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The Need to Build Bridges between cultures gets greater as the world gets smaller

When I started to free-lance, one of the most successful entrepreneurs that I knew advised me that, “Between an Indian and a snake, always hit the Indian first.” Indians, as friends and relatives told me, “Will always try to cheat you – it’s a cultural thing.”
Ironically my first break as a writer was from an Indian, a former Chief Executive of a local newspaper. And the first company that appreciated me for a job well done, also turned out to be Indian. This showed me an interesting paradox.

In “The Interconnected world,” technologies like the Internet and trade pacts are erasing barriers. At no time in history has the need been greater for cultures to co-operate for mutual progress and prosperity. As our new Prime Minister says, “We need to make friends to survive.”

But at the same time cultural gaps and misunderstandings remain or in the case of Rwanda and the former Yugoslavia they got worse. Thankfully Singapore has avoided this. But in spite of nearly four decades of living together and active national campaigns cultural gaps and misunderstandings remain between communities in Singapore. With these gaps and misunderstandings in our small island, how can we bridge gaps in the world?

The anthropologist, Levi Strauss, believed that people would inevitably find differences to identify themselves from each other. People should rightfully take pride in their heritage. I am proud of being Cantonese as much as I am Chinese and Singaporean. But in this age of economic interdependence, it has to be more important to get people to celebrate their similarities.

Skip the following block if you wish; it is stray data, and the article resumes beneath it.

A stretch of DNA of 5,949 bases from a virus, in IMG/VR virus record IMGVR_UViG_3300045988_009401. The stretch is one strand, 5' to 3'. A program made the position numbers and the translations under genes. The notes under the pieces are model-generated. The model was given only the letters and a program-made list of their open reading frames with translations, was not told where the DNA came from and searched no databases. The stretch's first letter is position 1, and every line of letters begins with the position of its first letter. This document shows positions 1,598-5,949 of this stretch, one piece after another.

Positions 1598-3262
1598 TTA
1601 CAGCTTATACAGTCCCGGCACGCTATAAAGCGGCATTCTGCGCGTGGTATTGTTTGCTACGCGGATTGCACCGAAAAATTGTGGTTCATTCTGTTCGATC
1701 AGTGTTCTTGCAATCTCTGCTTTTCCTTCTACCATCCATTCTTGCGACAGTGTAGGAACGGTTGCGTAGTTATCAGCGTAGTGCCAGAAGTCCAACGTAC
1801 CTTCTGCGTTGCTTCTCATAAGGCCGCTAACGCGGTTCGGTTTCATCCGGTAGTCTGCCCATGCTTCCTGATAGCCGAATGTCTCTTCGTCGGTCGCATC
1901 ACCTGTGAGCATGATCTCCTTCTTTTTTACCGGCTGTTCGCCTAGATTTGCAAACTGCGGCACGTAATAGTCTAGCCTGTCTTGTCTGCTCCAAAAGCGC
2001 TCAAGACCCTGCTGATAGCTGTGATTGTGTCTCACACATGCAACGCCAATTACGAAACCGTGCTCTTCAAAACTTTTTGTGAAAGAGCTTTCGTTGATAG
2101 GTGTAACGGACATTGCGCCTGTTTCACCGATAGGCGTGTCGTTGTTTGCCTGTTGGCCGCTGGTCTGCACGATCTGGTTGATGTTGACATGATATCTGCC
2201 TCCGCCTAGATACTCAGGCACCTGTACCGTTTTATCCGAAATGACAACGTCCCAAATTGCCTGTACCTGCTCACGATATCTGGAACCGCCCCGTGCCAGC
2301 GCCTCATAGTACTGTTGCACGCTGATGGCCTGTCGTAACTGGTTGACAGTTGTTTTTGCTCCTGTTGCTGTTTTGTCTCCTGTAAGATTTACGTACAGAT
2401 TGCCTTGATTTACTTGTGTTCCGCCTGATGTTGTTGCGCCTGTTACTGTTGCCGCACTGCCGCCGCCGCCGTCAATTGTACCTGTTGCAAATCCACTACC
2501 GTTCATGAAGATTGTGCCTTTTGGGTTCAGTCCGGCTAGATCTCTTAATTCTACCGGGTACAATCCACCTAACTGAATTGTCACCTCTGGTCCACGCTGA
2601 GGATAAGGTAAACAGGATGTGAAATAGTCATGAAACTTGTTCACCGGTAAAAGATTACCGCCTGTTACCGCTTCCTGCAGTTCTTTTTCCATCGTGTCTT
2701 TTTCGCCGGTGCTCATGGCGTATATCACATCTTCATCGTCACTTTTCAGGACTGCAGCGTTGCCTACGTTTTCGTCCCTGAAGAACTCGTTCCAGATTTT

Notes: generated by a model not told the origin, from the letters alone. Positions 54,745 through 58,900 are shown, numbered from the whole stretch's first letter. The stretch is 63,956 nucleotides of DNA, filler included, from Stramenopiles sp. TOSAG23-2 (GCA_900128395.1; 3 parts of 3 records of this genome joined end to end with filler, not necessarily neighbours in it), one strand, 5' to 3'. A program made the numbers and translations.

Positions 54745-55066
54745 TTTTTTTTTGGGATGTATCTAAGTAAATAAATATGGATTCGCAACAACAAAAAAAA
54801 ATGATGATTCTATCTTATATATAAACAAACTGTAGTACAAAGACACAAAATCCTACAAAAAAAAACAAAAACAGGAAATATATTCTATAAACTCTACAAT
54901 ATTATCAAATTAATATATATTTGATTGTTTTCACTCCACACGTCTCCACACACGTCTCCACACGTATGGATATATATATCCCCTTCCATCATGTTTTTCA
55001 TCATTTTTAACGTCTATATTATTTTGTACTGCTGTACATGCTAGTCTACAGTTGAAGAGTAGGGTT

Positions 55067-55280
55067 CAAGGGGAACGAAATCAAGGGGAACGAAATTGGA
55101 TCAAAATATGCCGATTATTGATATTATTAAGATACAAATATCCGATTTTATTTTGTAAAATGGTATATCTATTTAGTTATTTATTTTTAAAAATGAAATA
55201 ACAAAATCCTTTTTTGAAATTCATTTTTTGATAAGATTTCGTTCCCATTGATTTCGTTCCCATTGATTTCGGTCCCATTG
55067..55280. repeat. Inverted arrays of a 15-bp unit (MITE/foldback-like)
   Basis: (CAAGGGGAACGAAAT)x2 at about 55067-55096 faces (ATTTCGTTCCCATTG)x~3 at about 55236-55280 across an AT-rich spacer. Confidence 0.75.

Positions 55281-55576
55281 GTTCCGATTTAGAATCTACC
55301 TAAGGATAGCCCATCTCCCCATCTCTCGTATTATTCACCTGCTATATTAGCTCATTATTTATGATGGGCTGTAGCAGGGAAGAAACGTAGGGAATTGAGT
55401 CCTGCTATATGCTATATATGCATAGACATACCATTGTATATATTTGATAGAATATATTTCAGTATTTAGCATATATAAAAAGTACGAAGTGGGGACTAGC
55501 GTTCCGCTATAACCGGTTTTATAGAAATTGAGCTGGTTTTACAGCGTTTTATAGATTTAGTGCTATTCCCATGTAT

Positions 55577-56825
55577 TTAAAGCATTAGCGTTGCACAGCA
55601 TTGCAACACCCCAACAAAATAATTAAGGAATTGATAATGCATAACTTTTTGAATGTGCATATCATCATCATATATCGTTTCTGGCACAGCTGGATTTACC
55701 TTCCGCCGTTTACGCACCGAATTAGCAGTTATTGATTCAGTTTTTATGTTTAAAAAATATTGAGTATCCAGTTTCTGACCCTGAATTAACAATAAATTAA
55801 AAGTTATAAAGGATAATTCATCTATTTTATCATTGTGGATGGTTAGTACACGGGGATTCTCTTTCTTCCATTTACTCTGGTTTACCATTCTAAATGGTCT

A radical move for Singapore would be to abolish classifications by race. Physiological and linguistic difference between ethnicities and cultures are different enough for people to be able to identify themselves by what they’re not. Is it necessary for these differences to be made official by the government?

Interracial marriage could also be promoted. Senator Bullworth, summed it up, “We should all f*** each other until we’re all the same color.” This will go a long way into eliminating physiological and linguistic differences.” Its hard to distrust and misunderstand a particular ethnic or cultural group when your part of it.

On the internatinal and macro level NGO’s and government organizations like educational institutions have been active in trying to bridge cultural gaps. Commercial organizations could play do something useful by organizing events that go beyond their commercial interest.

For example Saudi Aramco will be organizing a series of seminars and a photo exhibition in September. This won’t help the company sell more oil or recruit workers and tourists to Saudi Arabia. But it will let Singaporeans meet Saudi Arabs who are not Osama Bin Laden.

It helped when people stopped seeing every German as Hitler. It would also help if people stopped seeing every Arab as Osama Bin Laden. It has to be encouraging that a company from the country associated with fostering Osama Bin Laden’s vile cultural chauvinism is taking a step to reach out to the world.

Although Singapore did not win any medals at the Olympics it was, as a Singaporean of Chinese decent see China do so well. As an Asian, I was glad to see Asian countries winning medals. But as a human being I rejoice that such feelings were channeled through sport and not war.

We are different. And we are rightfully proud of it. But we are more similar than we are different. And what is the point of our technologies and our economics if we persist in celebrating and creating divisions amongst ourselves. Just as the need to co-operate between cultures has never been greater, there has never been a greater need to bridge differences to celebrate our similarities. Only when we do this, can we achieve the type of society we should live in.

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